Archive for the ‘diet & nutrition’ Category

OMEGA-3: Are you getting enough?

Monday, August 4th, 2014

Omega 3 is an essential fatty acid (we need to consume it in our diet), yet it’s one of the toughest to get from our food on a daily basis. Omega 6 is also essential, but it is in abundance in our diet. In fact, most of us are getting too much Omega 6 and nowhere near enough Omega 3. Omega 6 can act as a pro-inflammatory and it can promote thickening and clotting of the blood. Omega 3 is an anti-inflammatory and helps to thin the blood. This is why a balance between the intake of these two oils is essential for optimum health. The ideal ratio is 1:1, however most Western diets are more like 20:1 to 50:1 in favour of Omega 6! (see chart below)

Fish oil is the natural oil found in the body of the fish. It is different from fish liver oil as it contains a high concentration of Omega 3, known as EPA and DHA. These fatty acids work on all cells of the body, ensuring that nutrients and chemical messages can pass smoothly from cell to cell throughout all body systems.

Here are a few facts you may find interesting:

-          During pregnancy, the growing baby relies solely on its mother for DHA supply, which is required for healthy development of the baby’s brain and eyes.  During lactation, mums should also keep up their DHA intake to ensure adequate supply through breast milk. This will also replenish the levels of new mums.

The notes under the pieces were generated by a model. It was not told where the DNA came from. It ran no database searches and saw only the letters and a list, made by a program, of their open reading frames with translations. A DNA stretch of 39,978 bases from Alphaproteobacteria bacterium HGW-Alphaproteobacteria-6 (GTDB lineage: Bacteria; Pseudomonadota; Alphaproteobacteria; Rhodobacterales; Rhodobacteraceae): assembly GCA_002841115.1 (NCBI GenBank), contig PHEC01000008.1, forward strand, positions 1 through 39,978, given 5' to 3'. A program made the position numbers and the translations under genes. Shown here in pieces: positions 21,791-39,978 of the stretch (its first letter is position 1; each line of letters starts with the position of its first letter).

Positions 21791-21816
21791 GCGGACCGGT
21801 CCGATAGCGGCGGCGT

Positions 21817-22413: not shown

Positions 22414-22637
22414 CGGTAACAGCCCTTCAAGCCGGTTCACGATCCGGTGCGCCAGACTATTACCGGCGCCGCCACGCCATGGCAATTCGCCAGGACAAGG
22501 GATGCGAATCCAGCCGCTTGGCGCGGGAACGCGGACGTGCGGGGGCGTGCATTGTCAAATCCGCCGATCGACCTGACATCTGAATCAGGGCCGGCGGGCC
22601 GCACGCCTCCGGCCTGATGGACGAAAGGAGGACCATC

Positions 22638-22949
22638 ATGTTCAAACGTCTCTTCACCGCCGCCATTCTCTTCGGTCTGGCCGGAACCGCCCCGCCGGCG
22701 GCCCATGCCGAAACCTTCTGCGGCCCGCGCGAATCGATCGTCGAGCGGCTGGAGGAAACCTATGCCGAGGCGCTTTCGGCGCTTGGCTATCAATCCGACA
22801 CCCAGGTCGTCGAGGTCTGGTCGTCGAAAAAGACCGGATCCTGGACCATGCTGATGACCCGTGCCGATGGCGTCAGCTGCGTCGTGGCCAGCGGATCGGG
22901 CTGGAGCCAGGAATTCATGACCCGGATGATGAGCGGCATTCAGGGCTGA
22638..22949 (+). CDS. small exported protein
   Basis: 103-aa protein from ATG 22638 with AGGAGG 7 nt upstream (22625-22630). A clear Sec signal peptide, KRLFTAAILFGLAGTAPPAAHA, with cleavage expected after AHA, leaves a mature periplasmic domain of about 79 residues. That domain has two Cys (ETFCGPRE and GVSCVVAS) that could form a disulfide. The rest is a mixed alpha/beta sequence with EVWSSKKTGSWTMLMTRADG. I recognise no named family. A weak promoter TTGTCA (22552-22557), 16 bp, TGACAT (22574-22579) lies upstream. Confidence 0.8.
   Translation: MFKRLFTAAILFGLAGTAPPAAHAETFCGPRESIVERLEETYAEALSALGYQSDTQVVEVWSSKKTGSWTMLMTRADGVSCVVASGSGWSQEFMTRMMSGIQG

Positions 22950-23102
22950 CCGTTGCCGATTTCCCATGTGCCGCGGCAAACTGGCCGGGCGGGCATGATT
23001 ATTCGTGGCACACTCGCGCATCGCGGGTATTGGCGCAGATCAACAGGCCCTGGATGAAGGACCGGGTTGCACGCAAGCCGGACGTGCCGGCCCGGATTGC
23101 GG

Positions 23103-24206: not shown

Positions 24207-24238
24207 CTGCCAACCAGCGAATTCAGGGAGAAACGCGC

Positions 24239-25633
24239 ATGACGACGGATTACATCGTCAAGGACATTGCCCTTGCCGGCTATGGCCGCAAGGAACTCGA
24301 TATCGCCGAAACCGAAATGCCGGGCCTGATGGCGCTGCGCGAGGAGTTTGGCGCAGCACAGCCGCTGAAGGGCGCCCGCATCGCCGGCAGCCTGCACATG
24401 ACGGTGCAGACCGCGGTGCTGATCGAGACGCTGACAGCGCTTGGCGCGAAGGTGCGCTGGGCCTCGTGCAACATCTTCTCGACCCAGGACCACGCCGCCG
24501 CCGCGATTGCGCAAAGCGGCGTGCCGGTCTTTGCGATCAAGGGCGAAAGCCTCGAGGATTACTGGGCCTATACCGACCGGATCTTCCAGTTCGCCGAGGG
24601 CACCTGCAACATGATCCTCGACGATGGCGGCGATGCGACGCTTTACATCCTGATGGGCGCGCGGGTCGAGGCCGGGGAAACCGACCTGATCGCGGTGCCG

-          Due to the risk of mercury toxicity in our fish supply, it is difficult to consume adequate fish to satisfy our need for Omega 3. For this reason, you may consider the addition of flaxseed oil and fish oil supplements to your daily diet. **

-          As much as 37% of school-aged children never or rarely eat fish. With fish playing such an important role in the structure and function of the brain and immune system, it’s not surprising that learning difficulties and allergies are some of the major challenges that parents face these days.

-          Fish oils contribute to healthy heart function in several ways, such as managing healthy fat levels in our blood, increasing HDL (good) cholesterol and reducing inflammation.

**please seek advice from your doctor before taking supplements as they may be contraindicated with certain medications and medical conditions